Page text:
CROSS-REFERENCE TO RELATED APPLICATIONS
FEDERALLY SPONSORED RESEARCH OR DEVELOPMENT
This application claims priority of U.S. provisional patent application, Ser. No. 60/671,323, filed Apr. 14, 2005.
- TECHNICAL FIELD
- BACKGROUND OF THE INVENTION
This invention relates to a single balloon ripening device with a novel inserter and inflator.
It has been noted that the incidence of labor inductions over the course of the last decade or more, has increased dramatically. Studies have shown that approximately one half of all inductions are accompanied by an unfavorable cervix, thus making it necessary for the increase use in cervical ripening methods. Labor induction is the process of stimulating uterine contractions before they occur naturally. This may either be out of necessity or convenience. Many working mothers want to know when they will deliver, so that they can make arrangements for time off, child care, and scheduling home support. Some conditions placing the fetus at risk (i.e. pregnancy induced hypertension, intrauterine growth restriction, and suspicious antenatal testing) also require early or timely delivery. Delivery at small community hospitals, which don't have full staffing after hours, is best done during the day. It has been declared that the optimal cervical-ripening agent has not yet been found.
An aid to determining the success of a labor induction is the Bishop's Score. The Bishop's Score has a scoring system based on initial dilation, effacement, fetal station, and cervical consistency and position. In order to have a successful labor induction, it is important that one has a Bishop's score of greater than 5 (scored for cervical dilation, effacement, station, consistency, and position). If the total score is more than 8, the probability of vaginal delivery after labor induction is similar to that after spontaneous labor. In order for a labor induction to be successful, the cervix, if unripe, must be ripened.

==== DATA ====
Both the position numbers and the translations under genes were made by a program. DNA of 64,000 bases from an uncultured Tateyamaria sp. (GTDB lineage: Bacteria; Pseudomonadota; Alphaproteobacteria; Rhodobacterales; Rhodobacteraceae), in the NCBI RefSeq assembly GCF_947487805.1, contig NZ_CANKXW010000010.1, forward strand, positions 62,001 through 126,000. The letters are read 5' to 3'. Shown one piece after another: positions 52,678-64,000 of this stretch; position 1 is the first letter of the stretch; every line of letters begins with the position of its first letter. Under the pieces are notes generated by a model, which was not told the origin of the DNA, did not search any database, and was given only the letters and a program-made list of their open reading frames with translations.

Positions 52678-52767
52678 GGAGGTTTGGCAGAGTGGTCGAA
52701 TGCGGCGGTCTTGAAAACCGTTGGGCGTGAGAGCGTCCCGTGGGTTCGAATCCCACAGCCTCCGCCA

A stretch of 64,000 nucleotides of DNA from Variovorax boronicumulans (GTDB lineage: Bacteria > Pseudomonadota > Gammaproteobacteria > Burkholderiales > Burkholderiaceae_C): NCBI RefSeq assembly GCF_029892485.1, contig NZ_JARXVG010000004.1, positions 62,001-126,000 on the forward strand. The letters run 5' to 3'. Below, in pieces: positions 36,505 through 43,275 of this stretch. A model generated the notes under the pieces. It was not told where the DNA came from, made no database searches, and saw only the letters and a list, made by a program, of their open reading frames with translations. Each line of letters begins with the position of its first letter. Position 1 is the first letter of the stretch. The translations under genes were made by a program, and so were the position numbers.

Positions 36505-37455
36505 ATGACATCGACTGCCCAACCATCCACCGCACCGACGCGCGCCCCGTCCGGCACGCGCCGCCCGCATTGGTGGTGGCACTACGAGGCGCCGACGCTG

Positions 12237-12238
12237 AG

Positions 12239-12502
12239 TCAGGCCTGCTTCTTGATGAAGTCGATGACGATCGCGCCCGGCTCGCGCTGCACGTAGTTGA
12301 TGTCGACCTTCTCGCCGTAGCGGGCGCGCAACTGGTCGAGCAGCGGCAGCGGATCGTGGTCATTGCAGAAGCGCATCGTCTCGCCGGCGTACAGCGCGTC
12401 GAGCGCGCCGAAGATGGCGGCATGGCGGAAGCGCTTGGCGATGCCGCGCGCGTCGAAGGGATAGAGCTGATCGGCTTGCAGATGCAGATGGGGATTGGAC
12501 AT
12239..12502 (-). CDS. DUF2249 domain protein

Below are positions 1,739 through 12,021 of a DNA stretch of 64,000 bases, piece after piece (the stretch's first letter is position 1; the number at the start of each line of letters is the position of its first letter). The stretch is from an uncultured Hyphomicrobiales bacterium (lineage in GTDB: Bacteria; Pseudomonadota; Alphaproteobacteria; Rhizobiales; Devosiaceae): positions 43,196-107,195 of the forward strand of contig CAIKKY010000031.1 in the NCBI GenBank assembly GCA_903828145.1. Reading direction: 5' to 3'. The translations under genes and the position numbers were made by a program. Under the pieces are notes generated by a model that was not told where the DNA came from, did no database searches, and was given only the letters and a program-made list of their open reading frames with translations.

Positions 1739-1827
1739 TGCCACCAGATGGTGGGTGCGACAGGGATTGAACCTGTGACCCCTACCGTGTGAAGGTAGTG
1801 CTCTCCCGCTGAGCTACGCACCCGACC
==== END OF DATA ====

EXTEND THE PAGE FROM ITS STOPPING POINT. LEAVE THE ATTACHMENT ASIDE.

Currently, the most common method of cervical ripening is by means of prostaglandins, which can be taken orally (misoprostol) versus intracervical (dinoprostone). The problem with these methods is that they need to be utilized in the hospital, thus tying up labor facilities and nursing resources. The dosing schedule can either be once (Cervidil) or every 4-6 hours. The popularity of the Cervidil dinoprostone insert is in part due to the fact that many nurses are capable for placement, and with a telephone call, the practitioner can instruct the nurse to insert the device, and then start labor after the requisite 12 hours have passed. Since the prostaglandin methods can cause uterine hyper stimulation, they require continuous monitoring for at least 2-6 hours. This requires hospital admission, placement of IV access, and restriction of the mother's mobility and diet. These methods must be used with caution in women with prior uterine surgery, since there is a greater risk of uterine rupture.
It has been shown that mechanical dilation methods are just as effective as prostaglandins in ripening the cervix. These include hygroscopic dilators, osmotic dilators (Laminaria japonicum) and the cervical balloon devices (24-French Foley balloon, and the Atad Ripener Device). Laminaria, however, have been found to increase the risk of infection around the time of delivery, when compared to the prostaglandin and the balloon methods. Some studies have shown the balloon method to be more effective than the prostaglandin one, and that the cesarean section rate is less, especially in the nulliparous patient.